Confederate Cavalry in the Civil War

During the American Civil War new and old battlefield tactics were utilized at engagements across the nation from Virginia to Arkansas. Napoleonic tactics that dated back to the early 19th century were adopted by both Union and Confederate armies, involving masses of ranked companies that clashed with deadly results. A standard function of the cavalry was to support the infantry with flanking maneuvers around the enemy or with full frontal assaults. These up front cavalry engagements with infantry lines would soon prove detrimental to the horsed units very early in the war. The Southern cavalry proved to be the more adaptive of the two sides. Having to adjust to superior Union numbers and the deprivation of supplies, Confederate cavalry evolved with war time necessity.

Because the Civil War was primarily fought in the Southern United States, Confederate cavalry was essential to armies that needed to defend a vast swath of territory. Were as the Union cavalry unites were spaced out across the nation on into the western territories, rebel cavalrymen were already in the region at stack. This allowed for quick unit formations early in the war even if southern cavalry had to bring their own horses.[1]  Confederate cavalry was equipped well as could be, with carbines being the prized weapons of riders. Pistols and shotguns were also utilized with great effect in skirmishes and raids.[2] With improvements in weapons designs, like the rifling of barrels, cavalry could be picked off by infantry easier than in earlier decades   and at greater distances.[3] A   man on a horse silhouetted against the sky or back drop was a clear target, resulting in high officer deaths on either side.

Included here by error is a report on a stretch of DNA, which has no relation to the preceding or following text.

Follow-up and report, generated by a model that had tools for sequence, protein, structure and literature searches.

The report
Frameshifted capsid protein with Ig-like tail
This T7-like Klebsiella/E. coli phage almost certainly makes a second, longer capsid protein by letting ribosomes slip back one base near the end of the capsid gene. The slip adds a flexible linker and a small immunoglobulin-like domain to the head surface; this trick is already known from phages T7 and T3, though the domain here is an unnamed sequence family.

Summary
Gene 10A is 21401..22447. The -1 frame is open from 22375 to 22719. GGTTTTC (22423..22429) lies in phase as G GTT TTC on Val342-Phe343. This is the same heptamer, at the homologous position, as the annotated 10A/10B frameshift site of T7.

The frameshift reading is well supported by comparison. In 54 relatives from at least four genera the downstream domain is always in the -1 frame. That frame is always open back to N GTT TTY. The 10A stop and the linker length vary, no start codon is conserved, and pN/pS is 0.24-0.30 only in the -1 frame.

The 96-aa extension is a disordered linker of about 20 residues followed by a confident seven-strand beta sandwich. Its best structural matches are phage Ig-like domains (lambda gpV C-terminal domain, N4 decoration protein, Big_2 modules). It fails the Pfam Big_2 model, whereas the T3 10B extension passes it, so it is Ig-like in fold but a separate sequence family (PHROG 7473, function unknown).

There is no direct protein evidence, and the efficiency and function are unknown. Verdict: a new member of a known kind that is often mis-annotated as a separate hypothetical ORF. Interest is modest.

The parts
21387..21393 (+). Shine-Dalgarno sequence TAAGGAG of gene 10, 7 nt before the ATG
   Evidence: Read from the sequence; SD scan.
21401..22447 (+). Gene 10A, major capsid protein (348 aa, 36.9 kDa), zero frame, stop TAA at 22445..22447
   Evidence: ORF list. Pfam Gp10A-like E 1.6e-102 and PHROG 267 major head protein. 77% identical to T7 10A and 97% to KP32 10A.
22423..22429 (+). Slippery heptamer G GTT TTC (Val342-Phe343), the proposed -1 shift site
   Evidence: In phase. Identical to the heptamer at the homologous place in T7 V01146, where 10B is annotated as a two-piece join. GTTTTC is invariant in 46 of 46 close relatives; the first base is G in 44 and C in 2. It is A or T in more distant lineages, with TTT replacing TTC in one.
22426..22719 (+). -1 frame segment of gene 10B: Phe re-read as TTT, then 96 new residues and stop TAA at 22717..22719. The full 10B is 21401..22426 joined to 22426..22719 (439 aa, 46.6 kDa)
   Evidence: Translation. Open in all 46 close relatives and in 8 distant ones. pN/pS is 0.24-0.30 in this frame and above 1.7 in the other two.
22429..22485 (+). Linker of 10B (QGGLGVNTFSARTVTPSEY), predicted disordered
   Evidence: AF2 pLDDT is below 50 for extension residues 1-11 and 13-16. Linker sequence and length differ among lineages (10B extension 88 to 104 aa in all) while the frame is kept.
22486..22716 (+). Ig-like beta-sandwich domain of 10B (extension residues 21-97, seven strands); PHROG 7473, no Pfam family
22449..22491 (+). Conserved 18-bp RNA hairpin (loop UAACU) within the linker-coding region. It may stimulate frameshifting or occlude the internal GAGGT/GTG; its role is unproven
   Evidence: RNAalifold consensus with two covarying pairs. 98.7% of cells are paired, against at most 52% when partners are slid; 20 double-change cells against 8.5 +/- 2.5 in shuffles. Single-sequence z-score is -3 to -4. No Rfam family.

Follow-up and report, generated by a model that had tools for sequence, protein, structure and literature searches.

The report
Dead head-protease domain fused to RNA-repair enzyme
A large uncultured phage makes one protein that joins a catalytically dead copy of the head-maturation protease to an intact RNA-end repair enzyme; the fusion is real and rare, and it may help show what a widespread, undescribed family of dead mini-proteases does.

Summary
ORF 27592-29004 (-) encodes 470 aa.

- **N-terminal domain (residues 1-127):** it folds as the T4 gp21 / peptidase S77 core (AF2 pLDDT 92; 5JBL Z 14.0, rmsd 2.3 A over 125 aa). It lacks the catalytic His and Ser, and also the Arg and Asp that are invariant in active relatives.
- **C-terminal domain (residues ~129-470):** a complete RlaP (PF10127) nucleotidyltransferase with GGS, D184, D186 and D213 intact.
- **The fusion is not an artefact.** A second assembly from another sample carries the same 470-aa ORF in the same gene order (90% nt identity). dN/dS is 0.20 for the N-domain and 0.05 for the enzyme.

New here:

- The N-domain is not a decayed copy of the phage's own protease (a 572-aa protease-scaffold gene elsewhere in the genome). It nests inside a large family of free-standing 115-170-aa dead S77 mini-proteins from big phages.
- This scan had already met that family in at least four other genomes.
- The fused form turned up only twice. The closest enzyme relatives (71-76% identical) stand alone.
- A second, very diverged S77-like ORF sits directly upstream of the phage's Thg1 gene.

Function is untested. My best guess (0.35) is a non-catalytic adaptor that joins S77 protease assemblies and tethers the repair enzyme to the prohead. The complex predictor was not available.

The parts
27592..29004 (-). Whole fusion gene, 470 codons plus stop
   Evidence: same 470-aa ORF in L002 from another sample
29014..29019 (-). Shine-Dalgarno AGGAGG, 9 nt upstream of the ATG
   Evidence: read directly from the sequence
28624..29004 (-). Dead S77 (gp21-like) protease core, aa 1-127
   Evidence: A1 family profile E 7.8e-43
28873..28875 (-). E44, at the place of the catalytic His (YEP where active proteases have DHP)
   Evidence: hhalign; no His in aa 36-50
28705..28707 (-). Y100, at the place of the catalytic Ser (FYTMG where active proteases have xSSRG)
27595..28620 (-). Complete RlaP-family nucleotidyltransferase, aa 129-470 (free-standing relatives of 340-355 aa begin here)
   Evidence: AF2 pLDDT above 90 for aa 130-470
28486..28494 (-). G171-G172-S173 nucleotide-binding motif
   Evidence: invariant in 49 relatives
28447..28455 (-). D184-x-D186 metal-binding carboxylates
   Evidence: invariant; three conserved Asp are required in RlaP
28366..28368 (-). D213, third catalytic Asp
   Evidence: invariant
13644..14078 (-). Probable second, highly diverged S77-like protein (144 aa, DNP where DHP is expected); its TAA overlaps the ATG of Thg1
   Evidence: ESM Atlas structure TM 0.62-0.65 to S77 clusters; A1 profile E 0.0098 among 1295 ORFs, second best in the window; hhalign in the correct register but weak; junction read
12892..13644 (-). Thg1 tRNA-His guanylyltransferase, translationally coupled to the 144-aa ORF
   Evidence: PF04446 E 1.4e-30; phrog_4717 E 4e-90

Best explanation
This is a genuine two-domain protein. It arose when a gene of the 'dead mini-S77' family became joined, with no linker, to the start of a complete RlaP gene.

As unconventional gruella warfare became a staple of southern strategy in deterring Union forces headed south, the further one went West the more gruella warfare was used. Because of the distance from Richmond cavalry units in the Trans-Mississippi region helped make up for the lack of support from the Confederate capital. Raiding convoys moving to supply Union forces, cavalry killed two birds with one stone; by preventing supplies reaching northern hands the southern raiders replenished their own stores.[4] On September 19, 1864 in the Indian Territories an Indian Brigade under the command of Brig. Gen. Stand Watie hooked up with Col. Richard Gano’s cavalry from Texas that then proceeded to attack and take 250 wagons of supplies bound for the Union Fort Gibson. This take alone was worth one and a half million dollars.[5] Beyond raiding, scouting, honor guards, and picket duty were all tools in the cavalry’s toolbox.